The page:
Quite simply put, it’s down to the quality of the materials. Our Fibreglass Roof Kits have been sold for 30 years throughout the UK and Ireland. We have only ever bought from trusted composite manufacturers who supply material that we have rigorously tested. What is contained in the Fibreglass Roof Kits? In our Roof Kits, you will never find a re-blended resin. This is often supplied by other companies in a bid to lower prices. As we cannot guarantee the quality for such a critical project, we offer a Lloyd’s Approved, a certified resin in our Standard Fibreglass Roof Kits and a Premium Flex Roofing Resin in our Premium Fibreglass Roof Kits. Our Premium Kits are also supplied with a Fire-Retardant Roofing Topcoat for additional peace of mind. This is particularly important for residential roofing applications or structures that will house hazardous materials. The certificate for this fire retardancy testing is available to view on our website. In addition to the quality of the materials supplied, an additional point to note is the quantity we supply. At FibreGlassDirect we offer 1.5kg of resin per square metre in our 450g Fibreglass Roofing Kits to allow for soakage into OSB Boards. We offer 2kg per square metre in our 600g Fibreglass Roof Kits to allow to soakage too. Topcoat for both options (450g & 600g) topcoat is supplied at 0.6kg per square metre, allowing for plenty of coverage. The only thing not allocated in our kits are Fibreglass Roof Trims, Glass Bandage Roll and Acetone. We have left these out as to not increase the price of the kits unnecessarily. Trims are entirely dependant on the shape and size of the roof and will, therefore, vary quite a lot. Acetone is something we do supply on FibreGlassDirect but is not directly needed by every customer so we have left this as an optional extra. More information on Fibreglass Roof Kits If you would like more information from our team, please do not hesitate to get in... Read more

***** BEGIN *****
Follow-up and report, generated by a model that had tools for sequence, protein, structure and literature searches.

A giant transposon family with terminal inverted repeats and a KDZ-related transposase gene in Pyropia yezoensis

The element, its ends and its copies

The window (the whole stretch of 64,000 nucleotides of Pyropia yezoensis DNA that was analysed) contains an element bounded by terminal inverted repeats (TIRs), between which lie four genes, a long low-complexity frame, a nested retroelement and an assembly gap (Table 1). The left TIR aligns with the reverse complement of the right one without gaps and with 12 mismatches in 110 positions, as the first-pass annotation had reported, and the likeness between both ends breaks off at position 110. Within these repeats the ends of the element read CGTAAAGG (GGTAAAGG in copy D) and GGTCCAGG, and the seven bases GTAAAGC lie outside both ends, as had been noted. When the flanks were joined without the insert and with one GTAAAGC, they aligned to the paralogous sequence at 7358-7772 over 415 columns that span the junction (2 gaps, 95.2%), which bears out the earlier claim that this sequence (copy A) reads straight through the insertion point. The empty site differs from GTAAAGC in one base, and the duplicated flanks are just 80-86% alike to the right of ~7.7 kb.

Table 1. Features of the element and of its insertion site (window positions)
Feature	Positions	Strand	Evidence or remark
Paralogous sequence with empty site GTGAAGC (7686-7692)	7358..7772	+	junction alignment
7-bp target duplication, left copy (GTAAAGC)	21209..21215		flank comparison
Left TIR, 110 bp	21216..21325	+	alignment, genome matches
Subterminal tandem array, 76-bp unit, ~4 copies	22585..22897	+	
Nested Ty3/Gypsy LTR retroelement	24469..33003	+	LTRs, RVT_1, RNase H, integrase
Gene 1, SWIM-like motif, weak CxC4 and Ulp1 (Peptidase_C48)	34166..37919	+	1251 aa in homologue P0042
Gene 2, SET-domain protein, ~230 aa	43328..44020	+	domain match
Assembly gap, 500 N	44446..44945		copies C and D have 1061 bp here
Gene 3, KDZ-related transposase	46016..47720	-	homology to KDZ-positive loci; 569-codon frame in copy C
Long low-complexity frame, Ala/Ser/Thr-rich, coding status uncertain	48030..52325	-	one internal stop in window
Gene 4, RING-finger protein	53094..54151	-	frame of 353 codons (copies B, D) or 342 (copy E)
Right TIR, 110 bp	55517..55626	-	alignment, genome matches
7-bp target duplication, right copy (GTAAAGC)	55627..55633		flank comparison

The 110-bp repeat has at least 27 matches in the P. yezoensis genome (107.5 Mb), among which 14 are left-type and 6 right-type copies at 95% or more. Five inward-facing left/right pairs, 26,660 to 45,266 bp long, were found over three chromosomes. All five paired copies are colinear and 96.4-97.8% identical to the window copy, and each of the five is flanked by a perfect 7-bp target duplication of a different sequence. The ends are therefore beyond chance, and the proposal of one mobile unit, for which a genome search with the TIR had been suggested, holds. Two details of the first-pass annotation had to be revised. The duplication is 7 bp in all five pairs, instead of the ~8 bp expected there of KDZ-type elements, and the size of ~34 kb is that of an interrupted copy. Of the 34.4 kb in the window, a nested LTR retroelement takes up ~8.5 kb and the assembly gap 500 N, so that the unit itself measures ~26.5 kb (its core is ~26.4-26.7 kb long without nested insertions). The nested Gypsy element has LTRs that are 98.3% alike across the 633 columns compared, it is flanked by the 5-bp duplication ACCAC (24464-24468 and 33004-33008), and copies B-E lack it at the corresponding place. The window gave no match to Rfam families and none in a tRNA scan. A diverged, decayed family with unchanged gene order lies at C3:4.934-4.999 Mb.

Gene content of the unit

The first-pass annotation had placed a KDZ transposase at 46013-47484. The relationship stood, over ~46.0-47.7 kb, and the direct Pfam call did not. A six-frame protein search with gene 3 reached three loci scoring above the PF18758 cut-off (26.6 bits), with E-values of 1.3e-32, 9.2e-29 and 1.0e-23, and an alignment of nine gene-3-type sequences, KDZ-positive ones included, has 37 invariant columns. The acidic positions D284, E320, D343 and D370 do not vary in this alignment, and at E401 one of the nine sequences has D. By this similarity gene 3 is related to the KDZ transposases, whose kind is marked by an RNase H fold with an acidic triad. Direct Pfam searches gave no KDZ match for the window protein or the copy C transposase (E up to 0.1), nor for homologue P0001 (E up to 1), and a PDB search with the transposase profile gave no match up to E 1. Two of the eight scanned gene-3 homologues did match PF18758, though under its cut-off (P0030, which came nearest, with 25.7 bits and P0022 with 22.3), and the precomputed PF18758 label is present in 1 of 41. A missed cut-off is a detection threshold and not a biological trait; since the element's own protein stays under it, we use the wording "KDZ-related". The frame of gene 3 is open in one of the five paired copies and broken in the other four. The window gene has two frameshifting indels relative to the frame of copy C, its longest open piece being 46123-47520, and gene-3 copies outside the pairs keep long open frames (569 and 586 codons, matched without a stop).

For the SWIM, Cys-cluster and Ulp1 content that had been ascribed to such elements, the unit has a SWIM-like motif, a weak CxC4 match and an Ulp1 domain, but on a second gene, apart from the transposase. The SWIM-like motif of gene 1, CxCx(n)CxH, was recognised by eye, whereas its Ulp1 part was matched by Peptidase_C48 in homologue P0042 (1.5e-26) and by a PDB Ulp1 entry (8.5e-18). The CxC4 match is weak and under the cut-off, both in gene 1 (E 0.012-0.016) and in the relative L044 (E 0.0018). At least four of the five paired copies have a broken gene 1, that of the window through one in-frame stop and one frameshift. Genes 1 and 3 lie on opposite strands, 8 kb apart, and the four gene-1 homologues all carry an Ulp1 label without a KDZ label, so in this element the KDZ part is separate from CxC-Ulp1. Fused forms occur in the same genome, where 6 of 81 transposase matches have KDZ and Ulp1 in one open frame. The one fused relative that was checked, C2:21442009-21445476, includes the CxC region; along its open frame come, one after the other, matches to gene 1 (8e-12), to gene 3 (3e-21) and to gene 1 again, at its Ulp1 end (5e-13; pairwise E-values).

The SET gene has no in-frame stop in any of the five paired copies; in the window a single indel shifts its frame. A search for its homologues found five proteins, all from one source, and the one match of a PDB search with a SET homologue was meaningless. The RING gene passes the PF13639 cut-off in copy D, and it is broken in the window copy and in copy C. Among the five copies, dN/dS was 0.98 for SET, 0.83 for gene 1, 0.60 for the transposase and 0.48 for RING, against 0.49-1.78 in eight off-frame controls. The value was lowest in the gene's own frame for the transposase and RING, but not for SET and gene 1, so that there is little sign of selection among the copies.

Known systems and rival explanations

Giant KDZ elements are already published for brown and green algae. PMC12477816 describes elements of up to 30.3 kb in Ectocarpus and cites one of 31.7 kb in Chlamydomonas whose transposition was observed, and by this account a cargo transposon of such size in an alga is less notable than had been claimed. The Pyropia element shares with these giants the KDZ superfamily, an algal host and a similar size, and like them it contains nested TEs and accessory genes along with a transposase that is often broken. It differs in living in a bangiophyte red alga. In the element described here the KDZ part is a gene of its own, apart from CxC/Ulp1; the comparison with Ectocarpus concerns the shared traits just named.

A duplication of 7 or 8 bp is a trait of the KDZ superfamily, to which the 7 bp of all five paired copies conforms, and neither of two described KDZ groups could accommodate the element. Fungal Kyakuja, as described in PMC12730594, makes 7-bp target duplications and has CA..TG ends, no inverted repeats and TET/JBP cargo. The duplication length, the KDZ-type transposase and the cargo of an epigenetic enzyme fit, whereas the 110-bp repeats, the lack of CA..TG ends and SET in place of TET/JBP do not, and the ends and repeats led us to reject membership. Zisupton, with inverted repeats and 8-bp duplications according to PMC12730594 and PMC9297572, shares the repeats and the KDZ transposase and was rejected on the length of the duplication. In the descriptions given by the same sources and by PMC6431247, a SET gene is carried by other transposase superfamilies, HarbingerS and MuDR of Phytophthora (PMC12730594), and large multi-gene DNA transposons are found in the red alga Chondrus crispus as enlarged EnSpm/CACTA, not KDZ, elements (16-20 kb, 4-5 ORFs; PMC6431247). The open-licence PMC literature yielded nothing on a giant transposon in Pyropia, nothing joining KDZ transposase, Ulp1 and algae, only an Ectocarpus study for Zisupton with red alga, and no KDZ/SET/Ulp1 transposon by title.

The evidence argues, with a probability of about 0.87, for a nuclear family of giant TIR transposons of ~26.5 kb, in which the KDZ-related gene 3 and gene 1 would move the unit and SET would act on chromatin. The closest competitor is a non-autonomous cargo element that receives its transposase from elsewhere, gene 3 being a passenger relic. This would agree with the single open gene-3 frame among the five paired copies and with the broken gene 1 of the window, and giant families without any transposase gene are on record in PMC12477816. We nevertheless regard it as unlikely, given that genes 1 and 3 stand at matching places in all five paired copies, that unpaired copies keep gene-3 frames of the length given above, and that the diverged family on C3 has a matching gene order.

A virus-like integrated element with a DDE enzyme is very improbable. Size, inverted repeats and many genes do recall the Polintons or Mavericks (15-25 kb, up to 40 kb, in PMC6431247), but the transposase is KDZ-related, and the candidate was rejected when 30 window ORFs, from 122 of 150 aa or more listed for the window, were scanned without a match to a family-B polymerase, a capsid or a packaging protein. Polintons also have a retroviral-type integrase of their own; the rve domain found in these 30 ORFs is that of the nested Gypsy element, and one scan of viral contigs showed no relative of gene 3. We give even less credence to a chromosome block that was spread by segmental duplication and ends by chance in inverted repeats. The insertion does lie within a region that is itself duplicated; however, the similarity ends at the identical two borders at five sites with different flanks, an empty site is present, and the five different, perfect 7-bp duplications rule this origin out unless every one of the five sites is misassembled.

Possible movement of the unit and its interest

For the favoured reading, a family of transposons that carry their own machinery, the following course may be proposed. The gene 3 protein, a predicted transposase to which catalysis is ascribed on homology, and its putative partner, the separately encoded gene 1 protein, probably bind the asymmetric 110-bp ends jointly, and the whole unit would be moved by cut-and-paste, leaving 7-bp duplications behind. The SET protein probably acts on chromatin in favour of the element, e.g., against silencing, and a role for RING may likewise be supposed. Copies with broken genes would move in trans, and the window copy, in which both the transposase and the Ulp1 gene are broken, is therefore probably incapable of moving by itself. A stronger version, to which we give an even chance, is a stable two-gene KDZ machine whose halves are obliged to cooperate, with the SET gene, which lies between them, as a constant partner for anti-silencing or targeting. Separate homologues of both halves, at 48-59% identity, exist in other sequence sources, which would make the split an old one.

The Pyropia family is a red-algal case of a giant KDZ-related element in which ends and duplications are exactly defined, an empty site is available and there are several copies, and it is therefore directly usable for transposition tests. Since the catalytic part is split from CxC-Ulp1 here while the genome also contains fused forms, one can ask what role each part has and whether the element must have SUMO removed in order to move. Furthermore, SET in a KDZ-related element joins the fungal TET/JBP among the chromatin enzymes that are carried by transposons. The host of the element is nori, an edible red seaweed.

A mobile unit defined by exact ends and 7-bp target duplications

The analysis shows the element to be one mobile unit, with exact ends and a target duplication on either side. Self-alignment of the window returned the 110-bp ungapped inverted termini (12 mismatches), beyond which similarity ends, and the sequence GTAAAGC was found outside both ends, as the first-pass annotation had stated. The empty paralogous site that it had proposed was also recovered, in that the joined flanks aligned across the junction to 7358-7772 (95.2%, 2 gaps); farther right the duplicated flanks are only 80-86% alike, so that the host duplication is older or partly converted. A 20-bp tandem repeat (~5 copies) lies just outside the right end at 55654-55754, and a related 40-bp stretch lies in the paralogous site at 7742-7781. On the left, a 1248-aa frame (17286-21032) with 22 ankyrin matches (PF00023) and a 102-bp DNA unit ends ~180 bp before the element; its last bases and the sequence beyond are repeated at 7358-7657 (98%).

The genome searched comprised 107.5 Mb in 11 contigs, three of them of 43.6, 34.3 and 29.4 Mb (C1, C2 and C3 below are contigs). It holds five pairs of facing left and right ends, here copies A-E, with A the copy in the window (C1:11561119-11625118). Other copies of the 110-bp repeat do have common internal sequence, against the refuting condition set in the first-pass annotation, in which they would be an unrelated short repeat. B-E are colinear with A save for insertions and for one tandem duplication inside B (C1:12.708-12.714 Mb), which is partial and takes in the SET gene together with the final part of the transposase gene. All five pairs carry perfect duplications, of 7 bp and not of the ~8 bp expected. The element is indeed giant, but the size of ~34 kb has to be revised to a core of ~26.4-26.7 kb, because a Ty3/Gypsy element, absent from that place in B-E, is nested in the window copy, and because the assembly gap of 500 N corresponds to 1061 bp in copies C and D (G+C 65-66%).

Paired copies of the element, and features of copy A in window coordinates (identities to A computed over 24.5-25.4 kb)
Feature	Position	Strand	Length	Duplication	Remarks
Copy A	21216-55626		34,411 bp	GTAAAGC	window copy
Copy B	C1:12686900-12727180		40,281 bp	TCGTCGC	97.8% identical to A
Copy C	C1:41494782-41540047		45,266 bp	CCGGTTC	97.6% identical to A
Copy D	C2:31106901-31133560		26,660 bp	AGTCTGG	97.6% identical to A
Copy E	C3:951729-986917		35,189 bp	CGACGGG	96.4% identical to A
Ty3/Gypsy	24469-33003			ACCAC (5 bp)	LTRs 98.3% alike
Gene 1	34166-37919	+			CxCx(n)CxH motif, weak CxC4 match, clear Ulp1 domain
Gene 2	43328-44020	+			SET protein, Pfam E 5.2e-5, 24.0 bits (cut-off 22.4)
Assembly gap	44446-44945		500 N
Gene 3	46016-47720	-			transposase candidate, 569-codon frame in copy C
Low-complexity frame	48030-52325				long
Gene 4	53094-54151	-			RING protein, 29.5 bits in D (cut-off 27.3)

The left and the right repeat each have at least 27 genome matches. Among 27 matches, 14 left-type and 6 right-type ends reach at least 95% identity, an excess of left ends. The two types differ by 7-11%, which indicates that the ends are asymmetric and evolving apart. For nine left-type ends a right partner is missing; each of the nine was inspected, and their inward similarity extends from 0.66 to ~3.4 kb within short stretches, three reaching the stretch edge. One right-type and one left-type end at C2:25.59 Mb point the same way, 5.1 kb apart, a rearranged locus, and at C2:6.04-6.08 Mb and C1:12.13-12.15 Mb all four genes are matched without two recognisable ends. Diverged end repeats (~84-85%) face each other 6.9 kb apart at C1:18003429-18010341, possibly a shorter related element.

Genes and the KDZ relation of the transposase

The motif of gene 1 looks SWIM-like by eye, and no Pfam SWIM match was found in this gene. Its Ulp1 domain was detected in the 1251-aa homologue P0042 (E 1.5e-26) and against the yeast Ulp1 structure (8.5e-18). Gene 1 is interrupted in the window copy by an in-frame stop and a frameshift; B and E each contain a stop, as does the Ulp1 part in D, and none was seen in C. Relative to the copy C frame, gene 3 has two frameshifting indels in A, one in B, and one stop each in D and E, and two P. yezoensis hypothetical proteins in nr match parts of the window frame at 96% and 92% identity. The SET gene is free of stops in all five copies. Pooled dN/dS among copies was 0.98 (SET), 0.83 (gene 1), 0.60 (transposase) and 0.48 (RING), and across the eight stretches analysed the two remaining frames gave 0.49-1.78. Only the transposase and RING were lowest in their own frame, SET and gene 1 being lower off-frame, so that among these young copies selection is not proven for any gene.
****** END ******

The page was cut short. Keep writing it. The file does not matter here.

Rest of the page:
Yes, a Fibreglass Roof can be walked on. Depending on the volume of foot traffic expected for the roof to take, this will determine the weight of matting that should be used in the construction of the roof. A roof with little to no foot traffic expected would suit 1 layer of 450g matting, a moderate level of foot traffic should use 1 layer of 600g matting and a balcony or a roof with regular foot traffic should use 2 layers of 450g matting. A non-slip Topcoat is also highly recommended for areas with foot traffic... Read more

In short, no. The deck would have to be sanded back to the fresh timber and wiped down with Acetone prior to any fibreglass application.

If your flat roof is starting to pond, fear not! In some instances, it may be possible to sand back the existing layer and apply a layer of bodyfiller. The bodyfiller will help to raise the area where the water is pooling and aid water run-off. Once, the bodyfiller has been applied, cured and sanded to suit you will need to wipe the area down with Acetone to remove any contaminants. You may then re-apply the resin, matting and topcoat to ensure your GRP Roof remains watertight.
Provided there is no structural damage to the roof, a new layer of topcoat may be applied. For a cosmetic refresh, simply sand back the existing layer of topcoat and wipe down with acetone. This will prep the area and give the new layer of topcoat something to adhere to. Once prepped, the new layer of Roofing Topcoat can be applied.